Screen Shot 2013-03-01 at 8.33.31 PMI am converting an almost 100 year old typewriter into a printer that will print your tweets to it on paper while you can watch it on a webcam.

It has been a good week for the typewriter to printer conversion project.


  • Andrew helped me put together a table I designed for the typewriter. Basically I just went to Home Depot and bought 3 pieces of lumber ($15) and figured out how to cut them to get what I need out of them. Turned out pretty stable. Maybe I should build more of them anyway, quite good size for a standing-work desk and dead cheap.

Screen Shot 2013-02-26 at 2.52.17 AM

  • SolenoidsI bought turned out to have enough power to pull the key down enough to strike. This showed though, that they will all need to be individually adjustable, since each key has a little different resistance.

See yourself:


  • I finally got almost all the electronics I need (another motor probably for better cartridge return), so I started soldering the control board and it works very well with the arduino. (right now still connected to a computer to read from keyboard and send pull to according solenoid. At some point I will use a WIFI arduino to make have the least cables possible go into the table to make it moveable)


  • Configured an old network camera to show what the typewriter is doing on the web. Important to show people what is printed after they send their tweet to the typewriter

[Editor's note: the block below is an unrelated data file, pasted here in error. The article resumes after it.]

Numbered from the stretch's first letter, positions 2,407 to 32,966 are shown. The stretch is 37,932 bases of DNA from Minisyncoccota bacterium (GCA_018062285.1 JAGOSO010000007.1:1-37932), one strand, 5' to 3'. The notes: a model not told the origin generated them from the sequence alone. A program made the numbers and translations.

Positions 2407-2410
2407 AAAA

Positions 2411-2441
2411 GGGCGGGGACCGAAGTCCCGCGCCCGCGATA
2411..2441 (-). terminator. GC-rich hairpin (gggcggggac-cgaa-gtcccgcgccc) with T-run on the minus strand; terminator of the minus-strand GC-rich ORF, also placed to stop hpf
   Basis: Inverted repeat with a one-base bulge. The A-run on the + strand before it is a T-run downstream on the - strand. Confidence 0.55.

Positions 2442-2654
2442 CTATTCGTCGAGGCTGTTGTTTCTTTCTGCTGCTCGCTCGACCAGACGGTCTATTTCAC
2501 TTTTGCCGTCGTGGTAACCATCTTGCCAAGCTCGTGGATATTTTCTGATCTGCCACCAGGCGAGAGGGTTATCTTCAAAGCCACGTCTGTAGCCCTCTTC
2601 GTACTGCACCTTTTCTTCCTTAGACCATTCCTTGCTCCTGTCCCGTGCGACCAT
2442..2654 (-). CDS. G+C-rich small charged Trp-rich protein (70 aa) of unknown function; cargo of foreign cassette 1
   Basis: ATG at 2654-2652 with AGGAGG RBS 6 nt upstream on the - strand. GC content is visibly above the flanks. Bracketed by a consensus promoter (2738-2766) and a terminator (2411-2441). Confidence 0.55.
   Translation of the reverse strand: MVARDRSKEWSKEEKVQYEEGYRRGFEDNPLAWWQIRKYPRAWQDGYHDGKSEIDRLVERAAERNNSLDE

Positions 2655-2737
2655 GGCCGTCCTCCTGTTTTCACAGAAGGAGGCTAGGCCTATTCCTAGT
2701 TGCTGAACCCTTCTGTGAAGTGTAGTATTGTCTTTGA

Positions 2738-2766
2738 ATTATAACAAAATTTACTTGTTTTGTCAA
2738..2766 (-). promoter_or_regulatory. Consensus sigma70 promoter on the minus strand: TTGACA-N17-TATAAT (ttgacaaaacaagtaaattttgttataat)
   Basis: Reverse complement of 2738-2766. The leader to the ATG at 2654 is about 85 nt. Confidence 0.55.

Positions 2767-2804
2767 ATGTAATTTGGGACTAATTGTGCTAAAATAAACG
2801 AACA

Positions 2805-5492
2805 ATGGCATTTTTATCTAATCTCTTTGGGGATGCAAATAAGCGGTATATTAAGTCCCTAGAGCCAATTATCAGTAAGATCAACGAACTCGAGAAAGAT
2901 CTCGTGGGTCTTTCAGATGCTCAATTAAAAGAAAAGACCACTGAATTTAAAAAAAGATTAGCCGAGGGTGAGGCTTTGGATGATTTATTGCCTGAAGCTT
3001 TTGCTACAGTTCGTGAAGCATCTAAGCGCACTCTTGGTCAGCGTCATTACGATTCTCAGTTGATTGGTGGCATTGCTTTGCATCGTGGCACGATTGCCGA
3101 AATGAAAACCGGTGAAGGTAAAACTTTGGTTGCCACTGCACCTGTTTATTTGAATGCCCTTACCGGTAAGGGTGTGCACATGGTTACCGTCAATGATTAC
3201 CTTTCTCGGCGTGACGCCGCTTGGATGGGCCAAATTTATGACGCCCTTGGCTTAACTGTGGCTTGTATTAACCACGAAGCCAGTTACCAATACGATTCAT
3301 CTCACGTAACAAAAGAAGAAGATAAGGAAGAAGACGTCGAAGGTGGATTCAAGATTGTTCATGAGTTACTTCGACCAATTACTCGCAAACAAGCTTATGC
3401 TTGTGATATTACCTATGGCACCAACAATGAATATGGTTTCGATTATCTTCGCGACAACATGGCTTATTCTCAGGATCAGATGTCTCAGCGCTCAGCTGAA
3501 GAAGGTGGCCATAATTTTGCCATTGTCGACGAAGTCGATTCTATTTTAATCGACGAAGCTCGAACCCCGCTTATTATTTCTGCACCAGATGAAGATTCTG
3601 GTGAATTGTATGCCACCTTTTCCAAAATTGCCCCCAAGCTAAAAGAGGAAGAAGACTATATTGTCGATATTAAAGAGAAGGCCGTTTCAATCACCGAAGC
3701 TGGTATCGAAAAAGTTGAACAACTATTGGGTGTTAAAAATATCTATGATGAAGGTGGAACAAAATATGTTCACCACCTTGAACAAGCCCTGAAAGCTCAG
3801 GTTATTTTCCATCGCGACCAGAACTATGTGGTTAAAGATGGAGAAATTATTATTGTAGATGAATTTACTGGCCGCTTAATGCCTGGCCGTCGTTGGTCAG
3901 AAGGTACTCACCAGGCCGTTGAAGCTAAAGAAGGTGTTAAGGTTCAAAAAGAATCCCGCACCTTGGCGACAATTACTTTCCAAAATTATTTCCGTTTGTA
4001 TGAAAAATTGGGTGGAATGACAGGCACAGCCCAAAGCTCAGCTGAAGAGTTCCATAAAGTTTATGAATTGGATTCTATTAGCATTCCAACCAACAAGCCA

• Jane helped me figuring out how the online representation should be. We will open a site called something similar to “le petite print shop” and give the typewriter its own “business” where you can get your tweets printed.

Next Steps

  • check the shift registers (74HC595), in a daisy chain for 32 different outputs. I found a source for them at Creatron here in Toronto because of Jon who is working on a very cool flipper project.
  • Finish soldering the control boards (2 boards with each 16 transistors and 2 shift registers to control 32 “actions” all together.

After above two steps are done, the electronics soldering part should be done, just a few pins from an arduino will go into the shift registers and control all keys. Not sure yet if also the cartridge return and new line motors will / can go through that or if they will be connected directly to the arduino. However – should not be an issue.

  • Laser cut 3 pieces that will let me move the solenoids up and down and fix them in position with a screw. Will do this at site3 here in Toronto, a really cool spot to build hardware.
  • Fix motor with gears on new line gear (this is all moving with the cartridge return, therefore not that easy)
  • Find new motor for cartridge return, maybe same one as new line anyway?

Screen Shot 2013-03-01 at 8.33.57 PM

Further Ideas

  • Make sure it is easy to move and setup  (just one cable to plug in and WIFI setup on arduino / also setting twitter hashtag or account on the web server to line up tweets) so we can actually take it somewhere to show people during events or at places.


Parts so far came from Active Surplus Toronto, Creatron Toronto, Home Depot and Electronic Goldmine.

Thanks for helping out Jane, Andrew and Manuel.

Feedback / Ideas – let me know!